International free trade is under some of the most intense pressure seen in decades, with the tech industry in particular, facing a number of risks. Brexit, the looming US-China trade war and calls for revenue and transaction-based taxes on digital businesses in Europe, have all contributed to uncertainty for tech companies and investors alike.
Despite this, the UK remains a stable place to domicile as a holding company overseeing an international tech business. It offers a world-class mix of business and developer expertise, competitive regulatory and tax frameworks, and good communications links with both Europe and the US, and we expect this to remain so despite current volatility.
For growth tech firms, the opportunities for expansion are clear: a scalable product combined with access to lower-cost development teams in other world regions provides the twin benefits of new markets leading to revenue growth and a sustainable cost base.
It is crucial that business leaders properly plan and execute their expansion. The process can be costly, with errors causing substantial losses and diverting attention away from the main priority of growing the business.
The value of financial modelling:
Businesses should be crystal clear on their vision for expansion and the components that will drive it. Before addressing management, marketing and regulatory concerns, the first consideration should be whether the financial model is economically justifiable. There are four primary considerations that should form the bedrock of any model: demand projections, cost of customer acquisition, local overheads and set-up costs.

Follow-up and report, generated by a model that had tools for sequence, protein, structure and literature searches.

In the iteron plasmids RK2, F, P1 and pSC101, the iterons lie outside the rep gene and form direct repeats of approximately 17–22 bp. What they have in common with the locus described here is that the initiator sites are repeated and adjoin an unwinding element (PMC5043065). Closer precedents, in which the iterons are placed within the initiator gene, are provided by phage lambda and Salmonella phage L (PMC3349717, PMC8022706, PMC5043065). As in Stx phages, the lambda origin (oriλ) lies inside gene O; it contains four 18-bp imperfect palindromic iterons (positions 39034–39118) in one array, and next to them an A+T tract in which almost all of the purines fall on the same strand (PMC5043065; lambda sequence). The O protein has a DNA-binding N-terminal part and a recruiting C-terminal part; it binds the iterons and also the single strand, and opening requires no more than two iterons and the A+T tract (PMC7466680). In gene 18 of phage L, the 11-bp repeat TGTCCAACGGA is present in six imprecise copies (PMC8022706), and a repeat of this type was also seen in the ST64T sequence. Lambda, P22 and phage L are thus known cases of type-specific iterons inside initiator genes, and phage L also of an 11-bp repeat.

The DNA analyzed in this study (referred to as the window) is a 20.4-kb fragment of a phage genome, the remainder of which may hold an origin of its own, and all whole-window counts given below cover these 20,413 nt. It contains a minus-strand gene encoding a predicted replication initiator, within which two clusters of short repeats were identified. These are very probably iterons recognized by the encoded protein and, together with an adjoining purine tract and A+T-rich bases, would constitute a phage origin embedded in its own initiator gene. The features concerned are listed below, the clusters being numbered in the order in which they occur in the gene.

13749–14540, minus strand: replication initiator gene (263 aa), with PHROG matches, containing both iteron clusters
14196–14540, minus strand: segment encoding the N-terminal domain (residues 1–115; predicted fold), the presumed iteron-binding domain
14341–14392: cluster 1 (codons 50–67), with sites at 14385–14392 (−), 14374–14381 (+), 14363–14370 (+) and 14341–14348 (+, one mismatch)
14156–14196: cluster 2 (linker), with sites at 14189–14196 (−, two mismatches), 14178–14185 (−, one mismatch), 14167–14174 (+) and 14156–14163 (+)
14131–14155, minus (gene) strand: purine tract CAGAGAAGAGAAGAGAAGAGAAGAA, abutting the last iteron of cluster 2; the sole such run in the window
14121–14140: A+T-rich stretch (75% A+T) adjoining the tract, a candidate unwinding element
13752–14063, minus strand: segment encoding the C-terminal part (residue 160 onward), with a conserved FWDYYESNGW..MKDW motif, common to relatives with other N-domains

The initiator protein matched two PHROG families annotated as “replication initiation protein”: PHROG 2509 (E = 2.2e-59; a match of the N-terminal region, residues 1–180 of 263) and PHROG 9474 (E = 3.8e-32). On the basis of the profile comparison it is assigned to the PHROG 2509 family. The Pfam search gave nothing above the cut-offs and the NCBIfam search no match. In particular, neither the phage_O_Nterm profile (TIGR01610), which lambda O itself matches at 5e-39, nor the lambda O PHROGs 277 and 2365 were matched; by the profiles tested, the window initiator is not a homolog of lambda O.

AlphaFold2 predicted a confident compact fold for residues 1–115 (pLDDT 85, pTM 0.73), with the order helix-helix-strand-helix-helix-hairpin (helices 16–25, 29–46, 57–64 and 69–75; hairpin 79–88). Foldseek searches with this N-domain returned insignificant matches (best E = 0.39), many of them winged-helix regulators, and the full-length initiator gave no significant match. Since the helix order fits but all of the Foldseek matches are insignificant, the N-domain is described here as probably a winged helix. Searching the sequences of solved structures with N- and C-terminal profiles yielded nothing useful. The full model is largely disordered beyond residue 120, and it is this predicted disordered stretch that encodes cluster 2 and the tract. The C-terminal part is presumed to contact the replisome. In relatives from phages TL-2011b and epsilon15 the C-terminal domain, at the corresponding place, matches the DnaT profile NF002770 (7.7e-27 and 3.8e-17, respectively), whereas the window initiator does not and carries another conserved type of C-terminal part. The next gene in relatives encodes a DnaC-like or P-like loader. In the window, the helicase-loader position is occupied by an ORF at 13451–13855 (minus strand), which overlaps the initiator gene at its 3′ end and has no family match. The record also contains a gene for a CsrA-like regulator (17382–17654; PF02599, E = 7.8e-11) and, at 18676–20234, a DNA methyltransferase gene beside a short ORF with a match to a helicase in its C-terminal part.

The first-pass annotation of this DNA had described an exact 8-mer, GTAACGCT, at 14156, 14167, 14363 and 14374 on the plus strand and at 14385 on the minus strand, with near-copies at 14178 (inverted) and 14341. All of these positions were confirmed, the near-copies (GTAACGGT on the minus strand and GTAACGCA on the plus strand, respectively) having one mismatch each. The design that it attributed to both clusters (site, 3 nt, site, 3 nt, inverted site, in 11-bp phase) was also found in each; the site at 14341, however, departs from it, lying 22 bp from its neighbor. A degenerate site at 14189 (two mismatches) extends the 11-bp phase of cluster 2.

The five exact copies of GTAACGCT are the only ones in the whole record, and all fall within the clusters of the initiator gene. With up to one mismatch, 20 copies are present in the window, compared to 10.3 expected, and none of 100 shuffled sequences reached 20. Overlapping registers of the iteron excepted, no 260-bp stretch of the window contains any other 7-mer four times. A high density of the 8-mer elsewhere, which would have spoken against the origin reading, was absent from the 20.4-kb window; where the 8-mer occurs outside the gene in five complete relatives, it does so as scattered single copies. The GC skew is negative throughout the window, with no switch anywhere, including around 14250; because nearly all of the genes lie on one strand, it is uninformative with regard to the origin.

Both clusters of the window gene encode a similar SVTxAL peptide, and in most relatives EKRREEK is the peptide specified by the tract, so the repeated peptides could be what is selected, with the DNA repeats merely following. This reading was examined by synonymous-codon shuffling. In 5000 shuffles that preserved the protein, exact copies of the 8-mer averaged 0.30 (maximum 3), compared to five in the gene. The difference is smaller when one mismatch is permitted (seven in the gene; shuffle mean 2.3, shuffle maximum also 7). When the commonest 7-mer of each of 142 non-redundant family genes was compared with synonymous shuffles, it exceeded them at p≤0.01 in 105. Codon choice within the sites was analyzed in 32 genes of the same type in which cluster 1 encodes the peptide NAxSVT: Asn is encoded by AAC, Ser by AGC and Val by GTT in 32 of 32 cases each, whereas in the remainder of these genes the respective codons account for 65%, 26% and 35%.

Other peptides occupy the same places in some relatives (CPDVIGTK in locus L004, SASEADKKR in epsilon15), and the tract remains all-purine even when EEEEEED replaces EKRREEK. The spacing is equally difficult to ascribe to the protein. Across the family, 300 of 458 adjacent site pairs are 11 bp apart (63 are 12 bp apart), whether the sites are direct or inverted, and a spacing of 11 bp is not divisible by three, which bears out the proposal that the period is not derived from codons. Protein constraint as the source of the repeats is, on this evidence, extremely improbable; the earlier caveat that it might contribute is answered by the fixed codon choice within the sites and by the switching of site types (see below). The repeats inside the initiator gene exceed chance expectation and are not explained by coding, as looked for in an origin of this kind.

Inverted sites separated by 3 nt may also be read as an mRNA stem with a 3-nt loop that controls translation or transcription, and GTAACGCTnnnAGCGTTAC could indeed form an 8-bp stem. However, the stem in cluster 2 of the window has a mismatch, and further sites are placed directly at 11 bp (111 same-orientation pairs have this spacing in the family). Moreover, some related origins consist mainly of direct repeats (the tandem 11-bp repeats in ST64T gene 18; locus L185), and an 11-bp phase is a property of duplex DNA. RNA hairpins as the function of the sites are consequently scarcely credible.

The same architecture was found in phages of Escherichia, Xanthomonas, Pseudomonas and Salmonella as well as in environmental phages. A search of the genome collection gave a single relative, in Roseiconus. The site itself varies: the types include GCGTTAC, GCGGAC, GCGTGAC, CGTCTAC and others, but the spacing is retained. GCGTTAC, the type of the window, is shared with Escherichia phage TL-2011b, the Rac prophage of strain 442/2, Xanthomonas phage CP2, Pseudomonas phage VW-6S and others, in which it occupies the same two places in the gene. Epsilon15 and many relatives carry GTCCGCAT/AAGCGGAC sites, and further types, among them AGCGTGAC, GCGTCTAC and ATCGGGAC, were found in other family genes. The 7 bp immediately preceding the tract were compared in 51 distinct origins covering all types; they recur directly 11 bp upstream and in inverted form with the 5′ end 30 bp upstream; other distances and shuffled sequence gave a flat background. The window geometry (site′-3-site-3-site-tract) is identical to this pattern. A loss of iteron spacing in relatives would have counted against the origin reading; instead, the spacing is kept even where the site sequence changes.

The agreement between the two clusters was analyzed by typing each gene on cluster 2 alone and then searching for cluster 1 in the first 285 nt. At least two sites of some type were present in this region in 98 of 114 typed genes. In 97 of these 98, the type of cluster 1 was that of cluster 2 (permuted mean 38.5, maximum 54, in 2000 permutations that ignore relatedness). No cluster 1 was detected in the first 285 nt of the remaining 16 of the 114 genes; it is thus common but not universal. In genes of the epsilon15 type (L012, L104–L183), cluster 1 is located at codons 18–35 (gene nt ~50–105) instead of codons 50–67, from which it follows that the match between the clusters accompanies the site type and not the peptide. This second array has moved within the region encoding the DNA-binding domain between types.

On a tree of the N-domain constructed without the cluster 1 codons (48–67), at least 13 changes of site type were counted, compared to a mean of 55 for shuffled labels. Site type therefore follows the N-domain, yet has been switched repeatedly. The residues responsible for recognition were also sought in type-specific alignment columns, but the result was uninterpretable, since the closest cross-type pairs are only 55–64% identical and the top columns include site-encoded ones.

From a revenue perspective, it is crucial to consider the component drivers of revenue growth, beyond the overall growth rate itself, for example subscription or product take-up, attrition rates and price points. Coupled with this should be a consideration of the cost of customer acquisition, with costs of advertising and promotion, partnership agreements and discounted/free trial periods factored into the overall overhead cost base.
Similarly, the initial investment in expansion can be costly and should also be factored in, with equipment purchases, hiring costs, legal compliance, lease deposits and tax payments to contend with, all in a territory where the business may have trading history, brand recognition or supplier credit.
Taken over a period of time, the financial model should therefore demonstrate whether or not an expansion project can ‘recover’ the initial investment through increased sales. This is equally true in circumstances where a business is looking at expansion purely as a means of reducing costs. Managers should consider whether the savings over say, five years, cover the increased costs in year one (bearing in mind that the longer this period is, the greater the uncertainty, meaning future figures should be discounted as such).
Putting the right systems in place:
With new operations comes the need for new structures and systems. There is no one-size-fits-all approach to system building. A remote sales office will be subject to different motivations and pressures from an overseas development team, for example. Despite this, there is one overarching concern: control.
A foreign operation will naturally be more independent than domestic subsidiaries and branches due to distance, business culture differences, language barriers, different developmental staging and local management enjoying greater autonomy.